Recently Helen, a graduate student from the University of Vermont, came to use the archive.
Helen was in Britain for the summer conducting research for her thesis on ‘Commemoration and Curriculum: The Great War in British Secondary Education.’
She was interested in the place of the First World War in British secondary education, both in and out of the classroom. She had several questions. What types of war memorials were erected at British Schools? Who did they commemorate? When were they constructed? What discussions, debates, or ceremonies surrounded their creation and dedication?
During the two days she spent with us she used both the online database and corresponding paper files to study 150 different school memorials. Mostly this was their physical description and inscriptions, but many files also included details about the unveilings. The archive was particularly useful for finding out about schools other than public schools, for which there was already a lot of information available.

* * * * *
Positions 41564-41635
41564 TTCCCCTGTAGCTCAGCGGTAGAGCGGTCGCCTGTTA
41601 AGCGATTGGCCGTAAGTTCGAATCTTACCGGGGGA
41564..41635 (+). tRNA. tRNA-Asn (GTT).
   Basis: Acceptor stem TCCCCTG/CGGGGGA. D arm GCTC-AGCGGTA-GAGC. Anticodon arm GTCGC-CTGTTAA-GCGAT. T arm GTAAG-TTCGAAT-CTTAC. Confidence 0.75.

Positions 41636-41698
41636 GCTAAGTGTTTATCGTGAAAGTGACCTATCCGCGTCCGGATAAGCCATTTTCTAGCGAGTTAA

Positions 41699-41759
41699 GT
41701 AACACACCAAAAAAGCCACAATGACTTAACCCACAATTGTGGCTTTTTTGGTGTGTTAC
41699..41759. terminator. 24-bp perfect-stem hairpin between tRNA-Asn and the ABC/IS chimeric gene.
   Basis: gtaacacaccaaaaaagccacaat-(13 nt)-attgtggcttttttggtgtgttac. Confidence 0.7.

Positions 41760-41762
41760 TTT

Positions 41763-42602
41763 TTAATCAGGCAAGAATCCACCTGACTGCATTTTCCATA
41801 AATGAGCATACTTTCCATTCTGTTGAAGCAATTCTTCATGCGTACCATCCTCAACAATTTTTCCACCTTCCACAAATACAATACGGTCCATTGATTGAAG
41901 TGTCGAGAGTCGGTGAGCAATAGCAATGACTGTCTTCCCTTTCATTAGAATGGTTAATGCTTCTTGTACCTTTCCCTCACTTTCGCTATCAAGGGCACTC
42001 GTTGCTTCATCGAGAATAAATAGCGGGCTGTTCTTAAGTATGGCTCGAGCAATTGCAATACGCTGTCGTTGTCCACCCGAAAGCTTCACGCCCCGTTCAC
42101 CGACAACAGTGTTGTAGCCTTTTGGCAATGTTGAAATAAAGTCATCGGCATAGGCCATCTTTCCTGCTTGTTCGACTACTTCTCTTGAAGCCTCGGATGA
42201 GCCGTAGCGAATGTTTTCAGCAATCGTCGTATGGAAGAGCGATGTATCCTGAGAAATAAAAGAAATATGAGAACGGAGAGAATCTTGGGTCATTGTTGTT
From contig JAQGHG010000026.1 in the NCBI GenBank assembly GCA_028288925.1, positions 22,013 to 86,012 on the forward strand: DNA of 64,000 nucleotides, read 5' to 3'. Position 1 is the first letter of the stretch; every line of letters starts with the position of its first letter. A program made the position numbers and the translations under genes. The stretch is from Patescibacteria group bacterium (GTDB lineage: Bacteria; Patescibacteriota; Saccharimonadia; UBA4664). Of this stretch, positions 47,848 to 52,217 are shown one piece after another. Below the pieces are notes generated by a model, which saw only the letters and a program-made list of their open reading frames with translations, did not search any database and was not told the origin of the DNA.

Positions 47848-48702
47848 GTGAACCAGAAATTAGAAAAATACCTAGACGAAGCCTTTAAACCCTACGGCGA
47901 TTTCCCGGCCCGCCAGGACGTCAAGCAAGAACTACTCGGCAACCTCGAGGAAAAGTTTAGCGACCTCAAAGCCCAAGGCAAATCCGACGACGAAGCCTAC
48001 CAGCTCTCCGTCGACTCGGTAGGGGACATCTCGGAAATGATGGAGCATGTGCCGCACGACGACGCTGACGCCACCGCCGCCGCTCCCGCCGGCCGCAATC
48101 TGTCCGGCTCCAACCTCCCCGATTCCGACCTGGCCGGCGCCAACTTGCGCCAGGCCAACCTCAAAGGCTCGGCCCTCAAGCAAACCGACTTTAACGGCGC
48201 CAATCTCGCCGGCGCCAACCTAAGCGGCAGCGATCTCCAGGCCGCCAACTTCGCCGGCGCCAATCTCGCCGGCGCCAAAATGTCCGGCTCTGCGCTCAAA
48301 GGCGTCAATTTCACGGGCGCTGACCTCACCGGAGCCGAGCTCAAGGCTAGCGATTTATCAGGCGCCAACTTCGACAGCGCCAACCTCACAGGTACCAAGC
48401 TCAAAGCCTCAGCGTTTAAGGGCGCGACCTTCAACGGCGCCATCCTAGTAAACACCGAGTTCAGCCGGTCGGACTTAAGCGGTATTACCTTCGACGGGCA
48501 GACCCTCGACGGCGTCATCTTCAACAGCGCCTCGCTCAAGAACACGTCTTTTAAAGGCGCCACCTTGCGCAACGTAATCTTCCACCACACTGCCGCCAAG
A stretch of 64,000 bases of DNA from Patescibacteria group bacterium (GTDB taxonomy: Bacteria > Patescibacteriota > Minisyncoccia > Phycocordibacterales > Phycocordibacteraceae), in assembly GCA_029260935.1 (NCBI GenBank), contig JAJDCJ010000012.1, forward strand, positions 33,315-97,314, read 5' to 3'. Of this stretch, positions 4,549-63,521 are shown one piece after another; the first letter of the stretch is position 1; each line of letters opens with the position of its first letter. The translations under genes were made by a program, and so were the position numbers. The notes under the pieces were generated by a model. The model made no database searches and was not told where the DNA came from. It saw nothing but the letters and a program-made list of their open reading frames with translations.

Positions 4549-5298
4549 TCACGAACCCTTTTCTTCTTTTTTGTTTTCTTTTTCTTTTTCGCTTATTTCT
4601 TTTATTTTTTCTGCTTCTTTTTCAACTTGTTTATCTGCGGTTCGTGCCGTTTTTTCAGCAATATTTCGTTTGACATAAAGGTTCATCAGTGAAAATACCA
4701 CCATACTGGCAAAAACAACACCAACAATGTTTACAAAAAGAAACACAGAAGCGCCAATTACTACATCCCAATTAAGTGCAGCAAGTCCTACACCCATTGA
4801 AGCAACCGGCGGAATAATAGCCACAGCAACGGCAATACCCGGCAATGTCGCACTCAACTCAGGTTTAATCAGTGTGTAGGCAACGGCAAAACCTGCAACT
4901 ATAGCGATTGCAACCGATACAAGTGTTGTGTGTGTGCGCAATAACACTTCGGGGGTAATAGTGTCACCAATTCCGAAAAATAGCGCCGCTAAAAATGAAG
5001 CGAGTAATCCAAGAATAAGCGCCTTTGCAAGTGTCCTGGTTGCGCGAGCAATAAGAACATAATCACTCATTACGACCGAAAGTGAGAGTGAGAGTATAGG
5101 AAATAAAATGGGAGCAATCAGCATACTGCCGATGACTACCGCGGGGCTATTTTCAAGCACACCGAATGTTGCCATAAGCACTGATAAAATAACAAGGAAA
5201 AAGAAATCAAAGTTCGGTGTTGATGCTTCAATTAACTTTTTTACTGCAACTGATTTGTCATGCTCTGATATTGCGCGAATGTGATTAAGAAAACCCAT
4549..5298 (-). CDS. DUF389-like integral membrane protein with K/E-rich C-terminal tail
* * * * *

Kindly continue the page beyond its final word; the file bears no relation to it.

She hopes the information will help her to compare how the war was commemorated in different types of schools. One interesting example can be seen by comparing inscriptions from the following two schools.
The inscription on the Stockport Municipal Secondary School memorial focuses on the sacrifice for ‘England’.
“Old Boys who died for their country/ (names)/ “Your lives for honour & for England given/ the school will not forget.”
While Barrow Village School takes a more universal approach, describing the “the brave sons of the Empire/ who fell on the battlefields/ of/ Europe, Asia and Africa/ They have fought the good fight/ dying/ in the cause of humanity that/ honour/ might live”